By Anna Merlan
By Lee Escobedo
By Alice Laussade
By Scott Reitz
By Claire Lawton
By Kiernan Maletsky
By Anna Merlan
The idea of destiny--especially the notion that two people are fated to meet and fall in love--is a load of crap, but a surprising number of people buy into it. Probably for that reason it has proven to be a fairly popular component in movie romances, City of Angels and Sliding Doors being two recent examples. The latest picture celebrating life's whimsical turns of fate is Next Stop Wonderland, starring the always watchable Hope Davis (The Myth of Fingerprints, The Daytrippers). A hit at 1997's Sundance Festival, the picture is smart enough--and just cynical enough--not to alienate the skeptical, though director and co-writer (and editor) Brad Anderson clearly counts himself among the spiritually faithful.
Set in Boston, the movie is structured like Claude LeLouch's 1974 film And Now My Love, which followed the lives of two strangers whose paths come close to converging but never actually cross until the final moments of the film, when they fall in love at first sight. Because, of course, it was meant to be.
The would-be lovers in Next Stop Wonderland (Wonderland is a station on the MBTA's Blue Line) are Erin (Davis), a smart, attractive, but chronically depressed night-shift nurse, and Alan (Alan Gelfant), an ambitious ex-plumber pursuing his dream of becoming a marine biologist.
Dumped by her slovenly, self-absorbed, Greenpeace/Save-the-Whales-and-all-the-Indian-tribes-too boyfriend, Sean (Phil Hoffman), Erin becomes bitter, cranky, and even more negative. Her stylish, high-powered mother (Holland Taylor, wonderful at projecting an "unsinkable Molly Brown" vivaciousness while also quietly allowing a glimpse of well-guarded vulnerability) tries to rouse her from her torpor, going so far as to place an ad in the personals column in Erin's name.
Erin, who mopes around while insisting that she is happy being alone, finally gives in and checks the messages from her prospective suitors. Sixty-two men have phoned, and in a deftly handled, very funny sequence, she proceeds to meet with each of them at a nearby bar. The men range from hopeless losers to attractive assholes--the kind who lie and say they're single. Nearly all of them possess an inflated self-image, and each one utters the same stupid come-on lines.
Meanwhile, Alan spends his days at the Boston Aquarium as a volunteer diver (swimming around inside a huge fish tank, doing whatever it is volunteer divers do). The rest of the time, he is at school, fending off the advances of a randy classmate, drinking with his brother and his brother's friends (whose careless attitude about women he abhors), and trying to pay off a growing debt to a loan shark.
Anderson and his co-writer, Lyn Vaus (who, just for the record, is also a man), come up with some clever, near-miss scenarios for their two protagonists: They nearly meet at the aquarium; they frequent the same bar (albeit at different hours), and pass each other constantly on the subway (one on the platform, the other inside the train).
The script contains some extremely choice lines, most of them observations on the male species. It's a safe bet that only women in the audience will appreciate the remarks, which is a pity given that men would benefit greatly from seeing themselves the way far too many of them are. While the men aren't as reprehensibly caddish as those in Neil LaBute's In the Company of Men, they still have much to answer for. Kudos to Misters Anderson and Vaus for painting such an unflattering but honest portrait of their sex. (And, no, not all the male characters are schmucks; just the majority of them.)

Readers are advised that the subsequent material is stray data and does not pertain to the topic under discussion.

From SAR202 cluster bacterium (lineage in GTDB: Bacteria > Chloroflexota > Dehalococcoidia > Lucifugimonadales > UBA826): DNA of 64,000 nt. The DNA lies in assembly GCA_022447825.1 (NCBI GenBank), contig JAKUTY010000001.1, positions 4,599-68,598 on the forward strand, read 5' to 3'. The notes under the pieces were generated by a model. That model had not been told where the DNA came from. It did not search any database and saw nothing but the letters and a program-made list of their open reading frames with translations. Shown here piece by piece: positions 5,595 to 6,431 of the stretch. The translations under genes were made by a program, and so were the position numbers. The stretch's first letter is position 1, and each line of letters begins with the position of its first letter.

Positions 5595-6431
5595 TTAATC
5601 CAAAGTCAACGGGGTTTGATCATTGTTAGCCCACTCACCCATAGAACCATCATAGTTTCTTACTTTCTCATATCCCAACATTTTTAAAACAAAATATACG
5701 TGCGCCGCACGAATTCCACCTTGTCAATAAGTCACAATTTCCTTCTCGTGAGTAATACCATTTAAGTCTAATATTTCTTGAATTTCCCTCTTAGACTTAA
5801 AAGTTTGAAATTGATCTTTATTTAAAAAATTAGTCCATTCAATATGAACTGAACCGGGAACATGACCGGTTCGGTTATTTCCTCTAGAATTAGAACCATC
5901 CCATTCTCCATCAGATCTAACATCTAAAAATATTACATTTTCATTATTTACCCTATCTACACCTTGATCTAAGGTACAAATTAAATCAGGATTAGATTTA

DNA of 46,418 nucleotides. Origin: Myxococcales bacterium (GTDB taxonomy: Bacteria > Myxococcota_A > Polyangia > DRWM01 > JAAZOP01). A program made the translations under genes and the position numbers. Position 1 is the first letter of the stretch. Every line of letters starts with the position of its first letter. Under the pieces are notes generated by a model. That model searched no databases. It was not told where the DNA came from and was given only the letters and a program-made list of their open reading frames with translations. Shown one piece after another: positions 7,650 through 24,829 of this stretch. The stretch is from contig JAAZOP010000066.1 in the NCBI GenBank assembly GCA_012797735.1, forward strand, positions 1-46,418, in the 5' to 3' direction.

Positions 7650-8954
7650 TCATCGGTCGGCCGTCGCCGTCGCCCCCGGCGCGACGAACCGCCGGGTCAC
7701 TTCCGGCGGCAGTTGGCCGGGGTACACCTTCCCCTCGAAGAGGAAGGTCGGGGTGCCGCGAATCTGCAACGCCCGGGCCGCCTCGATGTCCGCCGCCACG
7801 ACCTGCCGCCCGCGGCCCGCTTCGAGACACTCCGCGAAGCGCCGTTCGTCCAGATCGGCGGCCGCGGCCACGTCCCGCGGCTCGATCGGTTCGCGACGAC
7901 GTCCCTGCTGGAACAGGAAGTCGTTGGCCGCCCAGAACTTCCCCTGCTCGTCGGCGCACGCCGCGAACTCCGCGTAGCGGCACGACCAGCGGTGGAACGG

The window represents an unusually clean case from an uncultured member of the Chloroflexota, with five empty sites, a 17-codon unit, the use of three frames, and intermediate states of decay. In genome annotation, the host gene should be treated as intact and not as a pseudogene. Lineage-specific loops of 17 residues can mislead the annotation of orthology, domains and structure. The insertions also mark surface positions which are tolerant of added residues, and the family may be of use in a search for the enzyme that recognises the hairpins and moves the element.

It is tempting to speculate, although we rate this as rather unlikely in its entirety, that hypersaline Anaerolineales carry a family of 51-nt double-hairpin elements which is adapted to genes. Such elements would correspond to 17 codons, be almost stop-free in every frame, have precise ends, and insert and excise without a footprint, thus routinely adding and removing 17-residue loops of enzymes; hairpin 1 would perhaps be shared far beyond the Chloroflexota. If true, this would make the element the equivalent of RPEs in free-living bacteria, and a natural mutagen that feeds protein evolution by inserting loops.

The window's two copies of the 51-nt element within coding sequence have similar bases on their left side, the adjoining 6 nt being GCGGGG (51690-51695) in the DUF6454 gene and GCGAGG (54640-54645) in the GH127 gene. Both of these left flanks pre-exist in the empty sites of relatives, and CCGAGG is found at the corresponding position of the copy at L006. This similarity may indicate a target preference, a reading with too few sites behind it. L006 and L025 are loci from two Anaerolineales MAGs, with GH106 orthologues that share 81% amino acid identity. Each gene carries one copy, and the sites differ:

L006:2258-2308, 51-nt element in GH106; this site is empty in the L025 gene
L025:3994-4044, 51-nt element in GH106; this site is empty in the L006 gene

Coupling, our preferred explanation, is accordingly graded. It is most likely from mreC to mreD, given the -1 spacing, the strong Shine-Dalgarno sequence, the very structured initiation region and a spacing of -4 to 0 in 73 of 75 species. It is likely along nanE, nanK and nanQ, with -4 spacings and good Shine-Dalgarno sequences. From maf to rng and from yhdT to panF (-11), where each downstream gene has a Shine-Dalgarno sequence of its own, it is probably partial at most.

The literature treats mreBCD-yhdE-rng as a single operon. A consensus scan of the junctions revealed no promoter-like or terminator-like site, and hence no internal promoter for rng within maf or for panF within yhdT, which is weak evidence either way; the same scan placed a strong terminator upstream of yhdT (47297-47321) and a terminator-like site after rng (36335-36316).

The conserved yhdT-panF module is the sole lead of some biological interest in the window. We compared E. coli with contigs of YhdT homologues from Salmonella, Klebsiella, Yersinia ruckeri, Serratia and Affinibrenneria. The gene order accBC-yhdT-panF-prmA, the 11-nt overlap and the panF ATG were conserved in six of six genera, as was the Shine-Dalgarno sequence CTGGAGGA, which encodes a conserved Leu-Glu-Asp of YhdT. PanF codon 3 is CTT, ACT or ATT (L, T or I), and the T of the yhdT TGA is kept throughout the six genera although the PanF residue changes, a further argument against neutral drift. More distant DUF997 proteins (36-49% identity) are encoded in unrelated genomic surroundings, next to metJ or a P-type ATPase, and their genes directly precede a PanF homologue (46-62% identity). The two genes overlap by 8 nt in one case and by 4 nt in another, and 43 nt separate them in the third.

Unfortunately, the script also has its weaknesses. As good as Davis is, the character she plays never seems to grow. When we meet Erin she is droopy and morose, and it's difficult to believe she became that way only after Sean dumped her. (What is she doing with an annoying slob like Sean anyway?) Even her mother remarks that Erin has been unhappy for many years. The film suggests, but never states, that Erin has never recovered from her beloved father's death; his passing obviously had something to do with her decision to drop out of Harvard Medical School. But that story strand is never explored.
Furthermore, the morose, droopy Erin has practically nothing in common with the sly, very together woman who faces the onslaught of suitors who have answered her personal ad. When she finally meets a man she thinks she might like (no, not Alan, but a sexy Brazilian musicologist played by Jose Zuniga), she still blows hot and cold. Even when she meets Alan--and given the premise, you know she's going to--she doesn't seem any different than in the first scene. What ever happened to character development?
One explanation for this, believe it or not, is found in the film's musical score, which consists almost exclusively of bossa nova and samba numbers. Apparently, Brazilian music combines happiness and sadness at the same time, and Erin, who loves the music, is supposed to embody this mixed emotion. For those of us who can only hum a few bars of "The Girl from Ipanema," this explanation doesn't carry much water, and Erin's character ends up feeling inadequately defined; this lack of definition gives the film a sort of hodgepodge feel.
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